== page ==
Vina is hoping that he can do enough to persuade them to exercise the $4.5 million option on his contract for the 2004 season.
"I'm just going to play and see what happens," Vina said. "There have been rumors all the time about what might happen with me. We're all men. We're all adults. We can all read the situation. I'm just going to get back and do what I do best."
Vina rejoined the tight NL Central race last night after spending three months at home in Lake Tahoe, Nev., rehabilitating a severe leg injury. Depending on how he looks, the Cardinals could give him a $1 million buyout to void the option or attempt to negotiate an extension with a lower base salary in 2004.
Not the same old Bowa
The Philadelphia Phillies have been in a major funk during the season-high 13-game road trip that ends today, but manager Larry Bowa insists that speculation about the effect of his supposedly volatile demeanor on the team's performance is greatly exaggerated.
In fact, he claims that it's time to put the old, in-your-face Larry Bowa to rest.
"You get a reputation and no matter what you do it doesn't matter," he said. "I'm a hothead. I'm a guy you can't talk to. That's the way it is because that's the way I was as a player and my first year and a half in San Diego. I was out of control. I'll be the first to tell you. I wasn't ready to manage.
"When I come to the park I'm ready to go. The thing I can think of that I haven't done is I haven't slept in 10 days for more than three or four hours.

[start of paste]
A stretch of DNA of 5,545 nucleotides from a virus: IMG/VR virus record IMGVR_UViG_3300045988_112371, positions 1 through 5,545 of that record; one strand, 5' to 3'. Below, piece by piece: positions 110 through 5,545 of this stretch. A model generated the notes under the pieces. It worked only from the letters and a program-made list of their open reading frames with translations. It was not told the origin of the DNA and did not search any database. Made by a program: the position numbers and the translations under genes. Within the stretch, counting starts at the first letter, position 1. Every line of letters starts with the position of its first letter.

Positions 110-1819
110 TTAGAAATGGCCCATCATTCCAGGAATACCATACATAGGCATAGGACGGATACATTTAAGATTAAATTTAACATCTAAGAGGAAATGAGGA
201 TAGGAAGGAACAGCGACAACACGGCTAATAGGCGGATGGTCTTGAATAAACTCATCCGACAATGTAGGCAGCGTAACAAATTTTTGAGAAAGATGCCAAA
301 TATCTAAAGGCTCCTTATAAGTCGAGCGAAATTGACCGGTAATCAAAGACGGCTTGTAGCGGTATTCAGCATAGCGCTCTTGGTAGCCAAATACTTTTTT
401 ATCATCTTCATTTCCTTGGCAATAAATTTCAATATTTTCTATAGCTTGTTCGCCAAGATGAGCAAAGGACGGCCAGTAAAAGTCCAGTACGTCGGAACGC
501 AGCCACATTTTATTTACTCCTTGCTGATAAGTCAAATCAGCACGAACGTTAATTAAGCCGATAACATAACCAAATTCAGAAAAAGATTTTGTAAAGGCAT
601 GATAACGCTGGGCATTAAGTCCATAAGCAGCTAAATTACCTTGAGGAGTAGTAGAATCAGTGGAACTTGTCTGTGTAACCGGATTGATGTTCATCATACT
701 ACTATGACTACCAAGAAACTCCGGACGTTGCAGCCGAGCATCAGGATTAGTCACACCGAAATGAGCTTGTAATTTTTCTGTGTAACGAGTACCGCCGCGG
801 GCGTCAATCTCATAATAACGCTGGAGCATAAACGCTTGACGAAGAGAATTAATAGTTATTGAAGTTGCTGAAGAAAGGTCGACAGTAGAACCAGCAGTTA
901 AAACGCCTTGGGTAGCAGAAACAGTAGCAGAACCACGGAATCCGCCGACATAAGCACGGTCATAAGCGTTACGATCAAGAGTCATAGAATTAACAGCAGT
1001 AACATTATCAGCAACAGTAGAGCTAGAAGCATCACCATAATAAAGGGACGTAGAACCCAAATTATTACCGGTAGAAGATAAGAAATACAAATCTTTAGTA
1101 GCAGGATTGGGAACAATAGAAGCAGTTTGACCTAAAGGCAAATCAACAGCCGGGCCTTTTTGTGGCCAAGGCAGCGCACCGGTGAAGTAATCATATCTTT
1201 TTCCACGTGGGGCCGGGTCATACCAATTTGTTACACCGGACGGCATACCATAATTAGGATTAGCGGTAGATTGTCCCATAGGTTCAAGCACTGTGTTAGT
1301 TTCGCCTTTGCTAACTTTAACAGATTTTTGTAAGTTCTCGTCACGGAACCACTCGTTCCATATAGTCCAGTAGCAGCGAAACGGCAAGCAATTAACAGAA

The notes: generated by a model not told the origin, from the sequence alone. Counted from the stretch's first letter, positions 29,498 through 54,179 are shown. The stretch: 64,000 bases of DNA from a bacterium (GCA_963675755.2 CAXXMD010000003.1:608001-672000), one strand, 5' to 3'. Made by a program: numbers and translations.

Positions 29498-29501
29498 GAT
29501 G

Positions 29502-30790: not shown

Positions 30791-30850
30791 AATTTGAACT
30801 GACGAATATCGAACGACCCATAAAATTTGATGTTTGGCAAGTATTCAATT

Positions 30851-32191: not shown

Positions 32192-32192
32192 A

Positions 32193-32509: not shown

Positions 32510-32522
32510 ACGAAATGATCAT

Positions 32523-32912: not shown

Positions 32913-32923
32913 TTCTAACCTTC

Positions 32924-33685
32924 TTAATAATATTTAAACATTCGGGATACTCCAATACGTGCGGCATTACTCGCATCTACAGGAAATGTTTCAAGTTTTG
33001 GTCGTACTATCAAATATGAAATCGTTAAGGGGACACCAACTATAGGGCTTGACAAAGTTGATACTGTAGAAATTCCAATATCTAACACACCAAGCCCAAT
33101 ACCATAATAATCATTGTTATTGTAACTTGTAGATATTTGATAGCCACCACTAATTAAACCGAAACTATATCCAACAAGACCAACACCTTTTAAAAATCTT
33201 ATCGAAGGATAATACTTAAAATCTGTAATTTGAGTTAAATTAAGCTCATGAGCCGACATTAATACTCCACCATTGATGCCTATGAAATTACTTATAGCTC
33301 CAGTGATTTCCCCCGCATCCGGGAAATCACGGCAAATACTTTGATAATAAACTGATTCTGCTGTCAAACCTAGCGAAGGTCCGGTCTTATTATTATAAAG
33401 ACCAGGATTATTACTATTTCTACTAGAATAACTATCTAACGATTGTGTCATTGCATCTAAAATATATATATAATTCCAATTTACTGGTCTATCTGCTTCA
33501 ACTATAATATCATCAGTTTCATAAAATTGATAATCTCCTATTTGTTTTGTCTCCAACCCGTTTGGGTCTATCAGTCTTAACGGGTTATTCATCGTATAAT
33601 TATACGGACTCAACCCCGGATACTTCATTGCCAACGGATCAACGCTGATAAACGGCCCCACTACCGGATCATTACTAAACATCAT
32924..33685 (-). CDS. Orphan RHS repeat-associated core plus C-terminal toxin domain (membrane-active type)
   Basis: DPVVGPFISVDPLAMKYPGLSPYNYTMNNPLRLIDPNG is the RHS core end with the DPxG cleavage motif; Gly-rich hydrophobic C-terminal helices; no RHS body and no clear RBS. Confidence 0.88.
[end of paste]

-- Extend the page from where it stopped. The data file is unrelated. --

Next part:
"I'm trying to figure out what we can do different."
That said, Bowa did blow up at his struggling team after the Phillies were shut out by the rival Expos on Thursday.
"We deserved it," pitching ace Kevin Millwood said. "We deserved to get a stern talking to. We know we've stunk."
Quote of the week
"I'm going to Disney World, right?"
- Detroit Tigers catcher Brandon Inge, after scoring the winning run in both ends of the hapless club's first two-game winning streak since the All-Star break.
Compiled from interviews, wire services and reports from other newspapers.
THE SCHMUCK QUOTIENT
Golfer Phil Mickelson has enough trouble in the majors, so he decided to try his luck in the minors.
Mickelson threw batting practice to 18 members of the Toledo Mud Hens, most of them pitchers, on Friday in the hope of making a pitching appearance for the Detroit Tigers' Triple-A franchise before the season ends tomorrow. Yesterday, the Tigers said they won't give him a minor league contract.
He said in a statement released to the media that he was grateful to the Mud Hens for allowing him to live out a lifetime dream.
Here's a lifetime dream for you, Phil. Win the Masters and leave the baseball to the real professionals.
This stunt rates a six on the Schmuck Stupidity Scale. It would rate higher, but God knows the Tigers' organization can use the publicity.
1. Braves (2)